News
05.10.2010
Crit> North Carolina Museum of Art
Thomas Phifer offers a manifesto for movement between nature and architecture, writes Thomas de Monchaux
The entry pavilion to Thomas Phifer's new expansion to the North Carolina Museum of Art in Raleigh.
Scott Frances

Pity the architect who can do a good house. Ever since Le Corbusier dubbed it a machine, and Robert Venturi built one for his mother, the house has been the premier venue for the intimate encounter between architectural theory and the drama of everyday life. And yet designers as diverse as Breuer and Gehry have struggled to translate domestic success into work of equivalent power at the scale of skyline and landscape.

Such might have been the fate of Tom Phifer, a former design partner of Richard Meier’s whose own relatively young practice has been celebrated for a series of remarkably well-realized (and publicized) houses, especially prominent along the bucolic Taghkanic-Sagaponack axis of New York’s weekending periphery.

In those buildings, expressive twists on technically performative elements like rainscreens and sunshades revealed the surprising material complexity of glass and metal, and the productive tension between a monolithic volume and a light surface. A recent campus pavilion at Rice University elaborated these strategies somewhat more grandly. But now Phifer has scaled up to a substantial civic institution, the North Carolina Museum of Art (NCMA).

Fiberglass coffers and fabric scrims modulate daylight in the Alterpiece Gallery.

A freestanding addition to the museum’s existing Raleigh home (a wanly value-engineered Edward Durell Stone design built in 1983), the new building provides 65,000 square feet of permanent gallery space on a single ground-floor level, and a third as much service space below. It’s a big box with narrow excisions at its edges that become courtyards, sculpture gardens, and water courts. The periphery of the box is opaque, and the cutouts, transparent: The ratio of one surface to the other is a surprising 50:50, and the depth to which the glass-lined openings extend into the plan produces striking light and lightness within.

There are other smart effects: That peripheral facade, whose dull gray appearance first suggests monolithic concrete, is actually another Phiferian rainscreen—an off-kilter assembly of anodized aluminum panels, tilting in as they rise to the facade’s 26-foot height, and overlapping like shingles in plan. Within each tapering shingle-overlap is a mirror-shiny stainless steel surface; thus when viewed obliquely and especially in motion, the museum optically scintillates against its adjacent park and parking area.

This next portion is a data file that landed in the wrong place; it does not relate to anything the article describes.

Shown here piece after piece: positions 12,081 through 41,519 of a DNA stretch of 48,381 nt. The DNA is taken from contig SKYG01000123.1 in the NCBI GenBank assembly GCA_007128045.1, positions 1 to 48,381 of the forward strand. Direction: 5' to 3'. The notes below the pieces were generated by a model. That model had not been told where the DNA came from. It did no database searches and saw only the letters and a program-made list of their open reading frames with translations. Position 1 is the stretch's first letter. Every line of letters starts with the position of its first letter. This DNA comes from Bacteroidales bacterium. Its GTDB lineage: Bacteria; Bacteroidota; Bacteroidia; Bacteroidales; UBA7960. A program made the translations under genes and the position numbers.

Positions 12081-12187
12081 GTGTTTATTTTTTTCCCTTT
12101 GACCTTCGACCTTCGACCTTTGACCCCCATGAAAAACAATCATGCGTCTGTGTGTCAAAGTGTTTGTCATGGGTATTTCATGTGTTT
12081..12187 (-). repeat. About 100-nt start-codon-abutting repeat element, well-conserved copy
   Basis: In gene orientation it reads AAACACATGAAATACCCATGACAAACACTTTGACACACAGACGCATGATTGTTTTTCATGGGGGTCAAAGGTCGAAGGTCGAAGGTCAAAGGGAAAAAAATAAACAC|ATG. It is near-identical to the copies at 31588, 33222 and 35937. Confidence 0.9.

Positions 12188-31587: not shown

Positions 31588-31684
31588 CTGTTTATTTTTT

Secondly, and more soberly, the interior’s ceiling features an array of deep Rhino-modeled fiberglass coffers whose rectangular bases define the 27-by-7-foot module of the gallery spaces, and whose tops resolve into not-quite-ovoid oculi. Their winsome geometry served as the basis for Pentagram’s custom museum typeface. Featherweight fabric screens of varying opacities precisely modulate the interior daylighting below these skylights. But their main effect is one of uncannily indeterminate and shadowless depth: a moody and shapeshifting overhead landscape.

The Rodin Gallery spills out into a courtyard, with its contents protected by fritted glass.

A more polemical or self-reflexive building might have tried to steer these elements and effects toward each other in search of a big idea. This one mostly defers to the art—whose highlights include a sturdy modern ensemble of Motherwells, Frankenthalers, and Diebenkorns; a pride of Rodins; and a Judaica collection of subtle magnificence. Thus it may be only over the curated lifetime of the building that one can deduce whether or how it accumulates to more than the sum of its effects.

But the greatest effect may be as much democratic and economic as optic or tectonic. The museum is free. Its grounds, a sprawling 164-acre sculpture park poised between cloverleaf and subdivision, are unfenced and criss-crossed with trails that weave into a larger network across the exurban landscape of Raleigh. The building itself has a sufficiently grand main entrance marked by a shiny canopy, but visitors can drop in at other points through the glassy peripheral courtyards (a distant fulfillment of that Manhattanite dream of drifting into the Metropolitan Museum directly from Central Park).

The aluminum-clad expansion is inset with narrow courtyards, seen here from the north facade. (Click to zoom)

The feeling of free movement between natural and architectural landscapes is reinforced by an interior that operates essentially as one big room, with freestanding walls—many of them terminating a few feet below the ceiling—suggesting but never fully enclosing a series of galleries. In a graceful gesture, the usual control-point information desk is shifted far to the side of the main entrance, so the immediate encounter of the visitor is with art.

The ceiling-mounted, casino-type surveillance eyes that presumably enable such operational fluidity are perhaps the only blots on an interior otherwise remarkably free of visual clutter. But it’s a small price for something almost priceless: the architecturally-conveyed message that the museum’s primary occupants are not its artifacts, but its visitors, and that when you arrive, you belong. It’s a feeling characteristic of public institutions at their best: perhaps not of every house, but certainly of a home.

Thomas de Monchaux

Critic Thomas de Monchaux is a frequent contributor to AN.